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  1. #11
    Join Date
    Nov 2010
    Posts
    17

    Default Re: Contesting Speeding Ticket in Jefferson County District Court

    Interesting day in court. Basically I was doomed from the start because as soon as I approached the bench the Judge spilled a full cup of hot tea all over her computer and desk. Also the Trooper was present and the judge allowed him to correct and clarify every hole in his written statement.

    My first objection was rejected as the judge said the trooper followed proper protocol when he calibrated his speedometer by himself even though he is not listed as one of the two electronic engineers certified to calibrate SMDs in the affidavits.

    Next, the judge ordered a short recess to allow the Trooper time to go out to his car and grab his testing log to prove he tested the SMD the day of the citation before and after the stop. The judge didn't even bother to look at the log when the Trooper presented it to the court.

    Next, the judge thought that the Trooper's written statement "I also checked the unit externally using a tuning fork(s)" meant he used two turning forks instead of the one that I argued it meant. "Trooper ______, did you use one or two tuning forks?" Two your honor!

    Lastly, the log showing the SMD to be expired was explained by the fact that the logs sent out with discovery are often not up to date. I objected to the lack of discovery issue but again the judge ordered a short recess and allowed the trooper to go out to his car and take a picture of the certification sticker on the SMD. Of course it was current. The judge told me that I needed to state the law where it says SMDs are required to be calibrated every two years. I kept saying, its required by the WA state patrol as written in the affidavit in front of you. She relented but of course the photo provided by the Trooper showed a current sticker.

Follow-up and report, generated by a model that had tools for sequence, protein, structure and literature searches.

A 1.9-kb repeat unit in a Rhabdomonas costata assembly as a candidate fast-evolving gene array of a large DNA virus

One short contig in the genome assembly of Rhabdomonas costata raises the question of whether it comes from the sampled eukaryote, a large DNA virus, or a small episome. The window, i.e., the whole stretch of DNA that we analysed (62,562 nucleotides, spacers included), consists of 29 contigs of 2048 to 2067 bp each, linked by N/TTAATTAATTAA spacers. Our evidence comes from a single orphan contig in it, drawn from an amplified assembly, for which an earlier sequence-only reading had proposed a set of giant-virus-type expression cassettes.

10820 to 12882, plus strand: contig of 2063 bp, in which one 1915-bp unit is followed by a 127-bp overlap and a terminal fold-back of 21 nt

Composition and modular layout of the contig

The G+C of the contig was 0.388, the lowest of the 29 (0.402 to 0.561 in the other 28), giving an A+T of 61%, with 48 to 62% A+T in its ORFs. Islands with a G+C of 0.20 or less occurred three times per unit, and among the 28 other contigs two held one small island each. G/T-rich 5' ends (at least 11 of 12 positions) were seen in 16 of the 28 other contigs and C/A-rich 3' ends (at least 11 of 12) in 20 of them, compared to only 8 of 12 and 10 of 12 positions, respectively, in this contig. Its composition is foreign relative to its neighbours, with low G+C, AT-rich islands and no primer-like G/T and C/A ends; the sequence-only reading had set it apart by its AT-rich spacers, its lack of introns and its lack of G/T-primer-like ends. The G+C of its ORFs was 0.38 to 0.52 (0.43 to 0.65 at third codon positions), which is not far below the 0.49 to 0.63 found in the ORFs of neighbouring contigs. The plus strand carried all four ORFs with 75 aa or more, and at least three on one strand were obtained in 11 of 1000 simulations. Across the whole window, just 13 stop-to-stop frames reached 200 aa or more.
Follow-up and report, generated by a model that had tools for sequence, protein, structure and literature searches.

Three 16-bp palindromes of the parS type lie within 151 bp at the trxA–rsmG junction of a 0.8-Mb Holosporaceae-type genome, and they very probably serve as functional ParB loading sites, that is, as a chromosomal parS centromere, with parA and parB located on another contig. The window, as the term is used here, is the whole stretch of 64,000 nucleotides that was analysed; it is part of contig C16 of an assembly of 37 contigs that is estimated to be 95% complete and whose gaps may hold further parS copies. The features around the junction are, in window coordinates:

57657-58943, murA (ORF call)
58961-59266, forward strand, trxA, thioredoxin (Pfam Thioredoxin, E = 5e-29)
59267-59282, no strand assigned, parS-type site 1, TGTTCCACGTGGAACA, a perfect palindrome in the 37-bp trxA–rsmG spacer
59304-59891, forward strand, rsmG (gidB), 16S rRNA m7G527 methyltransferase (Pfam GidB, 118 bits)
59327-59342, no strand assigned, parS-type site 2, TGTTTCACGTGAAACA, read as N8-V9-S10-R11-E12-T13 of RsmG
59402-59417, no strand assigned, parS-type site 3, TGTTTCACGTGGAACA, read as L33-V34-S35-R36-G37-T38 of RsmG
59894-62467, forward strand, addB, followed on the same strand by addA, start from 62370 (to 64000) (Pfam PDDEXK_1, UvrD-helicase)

Lessons learned:
    1. Never ever subpoena the officer. The judge will take their word above yours and allow them to correct any errors in their statement.
    2. I should have brought up the fact that the officer was reciting details of a stop that was 3 weeks old in his written state. However, the way it went today, the judge would have recessed for as much time as the trooper needed to reproduce his daily traffic stop log for the court.
    3. Even attorneys who are paid $200-300 to clear tickets lose. The one attorney there with 2 client files went 1 for 2.
    4. Stay out of Jefferson County. I'll take my disposal income and spend it somewhere else.

  2. #12
    Join Date
    Feb 2010
    Posts
    1,383

    Default Re: Contesting Speeding Ticket in Jefferson County District Court

    Wow. You really got screwed. I would appeal that in a heartbeat. But that's just me.

  3. #13
    Join Date
    Dec 2004
    Location
    Seattle
    Posts
    3,577

    Default Re: Contesting Speeding Ticket in Jefferson County District Court

    Appeal? Really? On what grounds, Brendan? If the officer had not been there, it might be a different story. But, I see no grounds -- nothing beyond "discretion" (which is REALLY hard to get overturned) -- no errors that the judge made. If OP subpoenaed the officer and he showed up, almost all hope is lost.

    Barry

  4. #14
    Join Date
    Feb 2010
    Posts
    1,383

    Default Re: Contesting Speeding Ticket in Jefferson County District Court

    The officer clearly said he was in moving mode. And his patrol speedometer was certified by himself? What makes him such an expert? I think the judge erred in admitting that the officer was an expert to calibrate his own speedometer.

    Furthermore, we have no proof that the speedometer was working correctly at the time of the stop. He said it was certified for accuracy on 10-14-10, but where does the trooper say it was checked before the stop? Could have been entirely not working.

  5. #15
    Join Date
    Dec 2004
    Location
    Seattle
    Posts
    3,577

    Default Re: Contesting Speeding Ticket in Jefferson County District Court

    Actually, as far as I can find, there is NO requirement to have the speedometer "certified". It was NOT the SMD used to determine the defendant's speed. At best, it can be considered "corroborating" evidence. By comparing the "patrol" speed shown on the RADAR to the car's speedometer, it assures that the RADAR is using the proper "baseline" for computing the defendant's speed in "moving" mode. Those two speeds don't even have to be identical -- just close, since it has been established (there's even a case on it somewhere), that of the two, RADAR is the more accurate.

    I think your argument MIGHT persuade a trial court judge, but I highly doubt it would prevail on appeal -- there is simply no authority that the speedometer certification is necessary in a RADAR case.

    Barry

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